And so the question is, what exactly is the point of this photograph?  I must admit that in some ways I don’t have a clue.  He is part of the “No Fear” task force of the 2-27 Infantry in Kunar, and so there might be something here about looking death in the eye and laughing.  But there is also this:  If you work your way through the very many slideshows of the U.S. military stationed at outposts in faraway places like Afghanistan or Iraq you are bound to come across more than a few photographs of U.S. personnel washing or shaving or cutting their hair in what might otherwise be understood as primitive field conditions.   “Cleanliness is next to godliness,” and we should not ignore the sense in which the display of such behavior even under the harshest of conditions subtly visualizes a cultural commonplace that gestures to an Americanized, Christian sensibility.  But more than that, it points to something more subtle still.  Yes, such soldiers might be stationed far from home and under less than normal circumstances, their lives may be at risk and they might even be called upon to kill or die in the name of God and country, but for all of that the basic habits of a civilized people abide.

Put differently, such photographs in general serve as a reminder that war is dirty business even as they feign to suggest that one can fight a war and still maintain clean hands.  The presence of the guns that frame the scene above, and to which the soldier is destined to return, make this photograph unique in this regard, for they stand as a reminder that, as with Lady Macbeth, one cannot completely avoid the tragic stain of war’s inevitable ignominy.

Credit: Erik De Castro/Reuters.

Cross-posted at BAGnewsNotes.

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Sight Gag: War of the Words

Credit: Clay Bennett

Sight Gags” is our weekly nod to the ironic, satiric, parodic, and carnivalesque performances that are an important part of a vibrant democratic public culture.  These “gags” may not always be funny or represent a familiar point of view, but they attempt to cut through the lies, hypocrisy, shamelessness, stupidity, complacency, and other vices of democratic life.  Of course, we invite you to comment … and to send us images that you think might deserve a laugh or at least a wry and rueful look by those who are thinking about the character of public life today.

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Errol Morris and the Road Not Taken

Review of Errol Morris, Believing is Seeing (Observations on the Mysteries of Photography) (New York: Penguin, 2011).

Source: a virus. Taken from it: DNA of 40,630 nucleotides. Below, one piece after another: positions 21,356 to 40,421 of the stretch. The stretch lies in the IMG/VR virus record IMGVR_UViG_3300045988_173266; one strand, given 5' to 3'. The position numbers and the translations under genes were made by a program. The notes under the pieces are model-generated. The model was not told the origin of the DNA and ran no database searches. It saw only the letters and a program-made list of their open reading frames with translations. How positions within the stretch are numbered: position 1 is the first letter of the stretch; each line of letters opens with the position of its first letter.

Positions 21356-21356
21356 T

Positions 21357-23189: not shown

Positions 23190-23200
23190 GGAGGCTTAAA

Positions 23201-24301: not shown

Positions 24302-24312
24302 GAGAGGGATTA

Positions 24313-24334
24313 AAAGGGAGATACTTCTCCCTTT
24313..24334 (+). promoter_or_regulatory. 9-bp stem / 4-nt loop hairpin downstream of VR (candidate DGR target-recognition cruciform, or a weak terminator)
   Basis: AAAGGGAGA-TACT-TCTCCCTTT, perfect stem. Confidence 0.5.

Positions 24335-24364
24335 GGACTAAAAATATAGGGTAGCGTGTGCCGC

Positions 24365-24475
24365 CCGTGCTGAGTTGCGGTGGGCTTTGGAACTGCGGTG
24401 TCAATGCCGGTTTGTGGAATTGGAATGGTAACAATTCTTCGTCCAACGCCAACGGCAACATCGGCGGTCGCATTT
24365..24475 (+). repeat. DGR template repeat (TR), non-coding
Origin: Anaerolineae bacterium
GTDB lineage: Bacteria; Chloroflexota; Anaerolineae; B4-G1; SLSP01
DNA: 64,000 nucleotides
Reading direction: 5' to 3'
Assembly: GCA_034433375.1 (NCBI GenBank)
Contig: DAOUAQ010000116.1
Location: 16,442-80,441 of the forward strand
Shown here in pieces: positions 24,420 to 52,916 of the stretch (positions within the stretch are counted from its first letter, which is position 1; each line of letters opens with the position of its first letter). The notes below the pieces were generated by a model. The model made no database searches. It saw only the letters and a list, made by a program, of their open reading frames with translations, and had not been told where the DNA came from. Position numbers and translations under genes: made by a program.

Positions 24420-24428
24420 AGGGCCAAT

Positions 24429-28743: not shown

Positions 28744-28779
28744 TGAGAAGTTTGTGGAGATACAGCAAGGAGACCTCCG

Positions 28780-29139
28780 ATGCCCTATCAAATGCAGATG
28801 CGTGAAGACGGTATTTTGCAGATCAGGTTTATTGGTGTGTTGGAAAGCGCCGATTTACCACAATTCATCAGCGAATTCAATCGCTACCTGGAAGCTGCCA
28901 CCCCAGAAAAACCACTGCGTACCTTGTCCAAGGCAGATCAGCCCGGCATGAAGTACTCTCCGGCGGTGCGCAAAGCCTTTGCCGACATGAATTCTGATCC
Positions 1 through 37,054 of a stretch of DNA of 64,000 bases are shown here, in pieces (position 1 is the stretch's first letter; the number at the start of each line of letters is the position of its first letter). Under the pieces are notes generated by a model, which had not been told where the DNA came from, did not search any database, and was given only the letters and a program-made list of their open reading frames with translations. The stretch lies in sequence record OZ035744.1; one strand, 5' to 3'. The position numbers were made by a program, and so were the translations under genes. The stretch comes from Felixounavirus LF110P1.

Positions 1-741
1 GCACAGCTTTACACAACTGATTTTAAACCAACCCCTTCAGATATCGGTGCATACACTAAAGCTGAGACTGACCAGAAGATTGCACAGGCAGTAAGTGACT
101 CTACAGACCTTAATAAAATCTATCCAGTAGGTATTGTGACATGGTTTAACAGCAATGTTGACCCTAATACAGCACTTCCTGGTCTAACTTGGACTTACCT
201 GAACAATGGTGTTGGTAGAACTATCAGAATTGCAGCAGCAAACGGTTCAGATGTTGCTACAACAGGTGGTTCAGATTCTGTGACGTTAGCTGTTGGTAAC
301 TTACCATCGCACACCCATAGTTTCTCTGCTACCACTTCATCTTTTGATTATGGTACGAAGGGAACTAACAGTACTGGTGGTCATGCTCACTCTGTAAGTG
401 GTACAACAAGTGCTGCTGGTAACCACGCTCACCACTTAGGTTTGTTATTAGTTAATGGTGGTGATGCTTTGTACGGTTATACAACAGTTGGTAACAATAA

One might imagine two different paths for the interpretation of photographs.  From the first perspective, any photograph can provide a limited but accurate representation of the objective world: the tree really was there, as were the power lines that you hadn’t noticed when you took the picture.  And, “Oh My God, did I really look like that?”  Here interpretation is focused on considering how the fragmentary image could be a valid representation of a larger event.  Was it altered?  How much did things change before or after the 1/500th of a second in which the photograph was taken? Was the caption biased? What really happened?  We might label this perspective the representational model.  It constitutes the ground floor of visual literacy.

From another perspective, photography is a medium of social interaction: photographs depict people in relationship with one another, they are used to make sense of the social world, and they create and inflect relationships among those who use them.  “Oh My God, did I really look like that?” is a question not only about what happened, but also about social acceptance.  And about politics: in Ariella Azoulay’s terms, photography creates a “civil contract” among all parties to the photographic event and thus joins viewer and viewed as virtual citizens.   We might label this model the relational model.  Not surprisingly, it opens to the door to a much wider range of questions about what an image might mean, in what contexts, for what reasons, to whom.

These two perspectives are not entirely inconsistent with one another, but it is also the case that they travel in different directions—and with potentially important social and political implications.  Errol Morris, a brilliant director of documentary films (e.g., The Thin Blue Line, The Fog of War, Standard Operating Procedure), seems inclined to take the first path in his recently published Believing is Seeing (Observations on the Mysteries of Photography).